Last year, I agreed to start mentoring someone’s child by request of a mutual friend. Those who know me probably wonder how I have the time and energy to take on yet One. More. Thing. But some things, as we all know, can jump to the top of the priority list. For me, it was a long-term consideration of volunteering for Big Brothers Big Sisters or other mentoring organizations coupled with evolving reflections about my own identity that drove me to say ‘yes’ when this opportunity came up. Maybe I could help this kid, who reminds me so much of myself, to see the world and himself in ways that I wasn’t able to until much later.
I once thought I had been dealt an unlucky hand in life. Not because I had any sort of economic or physical disadvantage, but due to the fact that I happened to belong to a first-generation immigrant Chinese family. The percentage of Asians in Phoenix, AZ in 1990 at the time was 1.7 percent. I used to joke after I moved away that it was now down to zero. So in the desert suburbs where we lived, race alone made me stand out and judged apart from my peers for all the usual stereotypes, both good and bad. In middle school, when kids can be especially cruel, I resented the fact that I didn’t look white.
Ironically, I never felt quite at ease with my own extended family either, who mostly resided in the largest Chinese-American enclave in the United States. On our annual road trips to see them, I was told somewhat derisively in Chinese that I did things like an American. Except for a few choice phrases, I couldn’t speak the language and my attempts were met with ridicule. Don’t get me wrong: I have fantastic memories of those visits , and I knew they loved and cared about me, but I sometimes felt like I was in cultural limbo. This conflict is nothing new, I realize.
So, of course, I would distance myself from meeting the expectations of Asian and Asian-American tropes. When I moved to Seattle, I avoided befriending or dating other Asians (let alone joining ethnic associations) because I didn’t want to be seen as insular or confused for an international student. For a long while, I was thankful I played the drums instead of piano or violin. Looking back, I can see how I let racial anxieties drive who I wasn’t going to be for so long before actually trying to figure out who I would be or taking pride in who I was. As I’ve matured, these insecurities and identity contingencies have diminished, but I’d be lying if I said they didn’t emerge now and then. It’s something I observe in myself and in others with whom I’ve discussed such issues. Those behaviors have been internalized, and change is hard.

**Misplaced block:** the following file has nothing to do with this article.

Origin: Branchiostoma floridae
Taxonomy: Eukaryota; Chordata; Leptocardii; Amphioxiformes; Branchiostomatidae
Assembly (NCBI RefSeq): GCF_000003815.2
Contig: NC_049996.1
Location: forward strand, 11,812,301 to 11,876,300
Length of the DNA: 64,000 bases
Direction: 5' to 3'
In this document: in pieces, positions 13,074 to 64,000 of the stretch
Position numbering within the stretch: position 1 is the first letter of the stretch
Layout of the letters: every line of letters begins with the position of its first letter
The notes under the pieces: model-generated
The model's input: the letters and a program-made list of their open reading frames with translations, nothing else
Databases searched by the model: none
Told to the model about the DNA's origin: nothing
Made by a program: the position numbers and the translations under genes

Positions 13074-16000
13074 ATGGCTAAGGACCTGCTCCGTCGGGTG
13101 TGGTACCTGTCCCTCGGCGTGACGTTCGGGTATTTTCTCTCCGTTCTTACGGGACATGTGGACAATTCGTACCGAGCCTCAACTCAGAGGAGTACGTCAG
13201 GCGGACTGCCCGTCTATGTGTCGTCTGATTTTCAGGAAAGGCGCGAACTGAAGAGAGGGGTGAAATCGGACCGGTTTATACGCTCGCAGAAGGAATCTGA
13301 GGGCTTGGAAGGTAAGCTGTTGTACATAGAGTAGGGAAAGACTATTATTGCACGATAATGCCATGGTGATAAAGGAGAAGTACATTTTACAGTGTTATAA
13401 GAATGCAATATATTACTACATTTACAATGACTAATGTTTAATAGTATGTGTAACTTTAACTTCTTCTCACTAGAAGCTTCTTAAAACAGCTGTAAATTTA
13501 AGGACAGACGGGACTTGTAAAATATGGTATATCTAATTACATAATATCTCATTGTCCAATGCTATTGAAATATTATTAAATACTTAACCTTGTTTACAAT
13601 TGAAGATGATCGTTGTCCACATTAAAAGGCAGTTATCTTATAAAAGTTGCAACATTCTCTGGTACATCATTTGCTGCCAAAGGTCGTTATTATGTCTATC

These thoughts came to the surface frequently when I was hanging out with my ward last summer. Earlier in the year, Beyoncé was both praised and criticized for using the Super Bowl as a platform to promote #blacklivesmatter. She and quarterback Cam Newton were the subjects of a presentation I had recently attended that discussed the significance of public performances that seemed to assert Black culture and the reaction of white America. The controversy surrounding Beyoncé prompted me to think about the role of my ethnic background in my identity: What does it mean to be unapologetically Asian-American? And as a corollary, what does it mean to be an Asian-American role model?
To me, these questions are problematic because we’re not a culturally homogeneous group except for being the target of a model or exotic minority myth. I mean, doesn’t everyone face identity threat in some form, and isn’t it better to just be my own shining example of individualism? My immediate reaction is usually “yes.” But not all stereotypes hold the same privilege, and violence or unjust policies have been the consequence of others controlling or misrepresenting one’s story, and I came to believe that a truly plural society is one in which we intentionally share and appreciate each other’s stories.
That being said, I know I’m not trying to help him be a certain ethnicity since we don’t share the same East Asian heritage. But, I can see how naturally shame about one’s own ethnic background can creep into one’s identity and behaviors and therefore leads to the overcorrecting I did. The problem is that there might never have been a celebrated narrative carved out for Asian-Americans that embrace both sides of the hyphen. In an interview with Constance Wu about her show “Fresh Off the Boat,” she says:
“Yes, I have issues that have to do with growing up Asian-American. But there are other things, like doing my taxes or whether or not I should go here for vacation or what my Halloween costume is going to be. Regular human experiences, which for the most part have been only allowed to be white experiences. You’re either Asian-Asian or you’re white American. The in-between has not been explored very much.”
And I think that’s what I wanted to show this kid–that there is an “in-between” space to comfortably occupy. That I fight, dance, and bike through this world knowing that I belong wherever I go, and I’m no less American or human because of my cultural influences or the ways I seek to honor my heritage. And perhaps more importantly, that I do all of these things looking the way we do.
Unfortunately, I’m sorry to say that after moving away (which was shortly after I had written most of this essay), I haven’t done a great job of keeping in touch. But he still crosses my mind once in awhile, and I hope that he becomes more than what the world has conspired for him to be. It’s not always easy because sometimes you’re the only person who knows that. I still feel that way often. But maybe that doesn’t have to be his normal.
Asian-American Stereotypes in Media